Five months pregnant and feeling it, Cierra Rice settled in for a long wait to visit her boyfriend in the King County Jail.

Rice hired a sitter to care for their 18-month-old son and had taken two bus transfers from her home in Renton to get to the downtown Seattle jail. When she arrived she was told the visitation rooms were full and she would have to wait.

Despite the hardship, Rice said face-to-face contact with Jasaan Dowell, who is in jail on drug charges, is important. She doesn’t bring their son because he gets fidgety in the concrete and glass visitation kiosk, and he doesn’t understand why he can’t hug his dad.

“Visiting through the glass is way more personal, but if I couldn’t be here I’d love it,” Rice said about the possibility of visiting via video.

Unlimited Digital Access. $1 for 4 weeks.

Rice and the thousands of others who visit jail inmates in Seattle and Kent each year will soon get their wish.

Securus Technologies of Dallas will pay $1 million to install a video visitation system for inmates inside the two King County jails, allowing those on the outside to visit with inmates online. Some of the systems are expected to be in place by the end of the summer, Interim Jail Director William Hayes said.

Securus will recoup the installation cost through system revenues during the first year it is in use, according to the county.

Hayes said the system is fairly simple to use: People outside the jail who are approved for visitations will receive free software from a telecommunications company that they can download on a home computer. That person can book a visitation appointment online and call the jail from the software-equipped computer.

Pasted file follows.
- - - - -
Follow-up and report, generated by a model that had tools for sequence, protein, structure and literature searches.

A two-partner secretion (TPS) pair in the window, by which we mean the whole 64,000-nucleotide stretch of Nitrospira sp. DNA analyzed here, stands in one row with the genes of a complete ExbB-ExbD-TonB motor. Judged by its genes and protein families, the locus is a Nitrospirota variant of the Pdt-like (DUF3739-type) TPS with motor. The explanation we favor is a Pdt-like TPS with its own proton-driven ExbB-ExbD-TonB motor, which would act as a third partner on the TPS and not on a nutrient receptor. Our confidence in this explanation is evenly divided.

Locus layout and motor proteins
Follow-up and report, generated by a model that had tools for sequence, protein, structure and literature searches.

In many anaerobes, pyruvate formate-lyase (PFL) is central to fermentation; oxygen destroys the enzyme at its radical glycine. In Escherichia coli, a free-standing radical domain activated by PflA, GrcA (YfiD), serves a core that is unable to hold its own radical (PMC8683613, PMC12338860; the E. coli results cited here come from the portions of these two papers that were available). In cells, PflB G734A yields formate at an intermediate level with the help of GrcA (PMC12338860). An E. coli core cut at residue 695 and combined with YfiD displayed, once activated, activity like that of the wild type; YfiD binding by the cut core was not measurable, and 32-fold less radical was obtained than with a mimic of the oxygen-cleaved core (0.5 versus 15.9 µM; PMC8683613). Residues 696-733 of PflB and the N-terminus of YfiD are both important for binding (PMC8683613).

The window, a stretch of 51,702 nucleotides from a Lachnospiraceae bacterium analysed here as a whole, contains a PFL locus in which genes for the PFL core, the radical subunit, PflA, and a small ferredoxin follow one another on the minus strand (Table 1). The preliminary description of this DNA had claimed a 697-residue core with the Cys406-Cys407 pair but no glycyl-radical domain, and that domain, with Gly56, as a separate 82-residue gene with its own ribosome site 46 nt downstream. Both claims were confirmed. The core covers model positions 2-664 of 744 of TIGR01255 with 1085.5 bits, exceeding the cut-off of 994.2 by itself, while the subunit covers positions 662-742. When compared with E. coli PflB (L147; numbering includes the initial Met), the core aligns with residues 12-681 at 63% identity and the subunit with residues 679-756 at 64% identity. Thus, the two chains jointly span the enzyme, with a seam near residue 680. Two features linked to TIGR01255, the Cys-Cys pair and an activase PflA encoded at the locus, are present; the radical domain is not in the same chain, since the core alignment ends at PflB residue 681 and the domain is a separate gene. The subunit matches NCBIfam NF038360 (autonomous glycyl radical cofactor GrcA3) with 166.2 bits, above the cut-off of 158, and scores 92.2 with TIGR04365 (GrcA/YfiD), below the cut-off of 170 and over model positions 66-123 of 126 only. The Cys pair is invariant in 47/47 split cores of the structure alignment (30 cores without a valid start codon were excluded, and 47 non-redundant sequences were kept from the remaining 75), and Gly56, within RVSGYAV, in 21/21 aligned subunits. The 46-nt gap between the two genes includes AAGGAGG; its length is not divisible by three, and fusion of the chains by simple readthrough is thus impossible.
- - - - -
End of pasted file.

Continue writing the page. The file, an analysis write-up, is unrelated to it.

“It’s similar to Skype, but it’s a more secure system,” Hayes said.

At the other end, inmates then will be able to visit online while seated in a visitation booth. The computers they will use will be specially reinforced screens, strong enough to handle a potentially irate inmate, Hayes said. The virtual visits will be scheduled in 25-minute blocks.

Each week, every inmate will be allowed one free 25-minute video call. Each additional video call will cost $12.95, Hayes said. He said the cost is reasonable, noting that some inmate video calls elsewhere can cost as much as $24.95.

As with telephone calls placed from the jail, video visits will be recorded and held for “investigative purposes” for 60 days after the call, jail staff members said. Face-to- face visitations are not recorded.

Video visits between inmates and their lawyers, mental-health experts or other “professional visits” will not be recorded, Hayes added.

Though the jail will still offer in-person visits, Hayes said, they eventually may be phased out.

Video visitations will save the county money by eliminating the extra staffing required for in-person visits.

As of earlier this month, there were more than 1,900 men and women housed in the two King County adult jails; about half of all inmates have in-person visits, Hayes said.

“We’ve had fights in the lobby,” Hayes said, recalling several times that an inmate’s wife and girlfriend both showed up for a visit.

He said video calls will make it easier for visitors who live outside King County to have a conversation with their loved ones.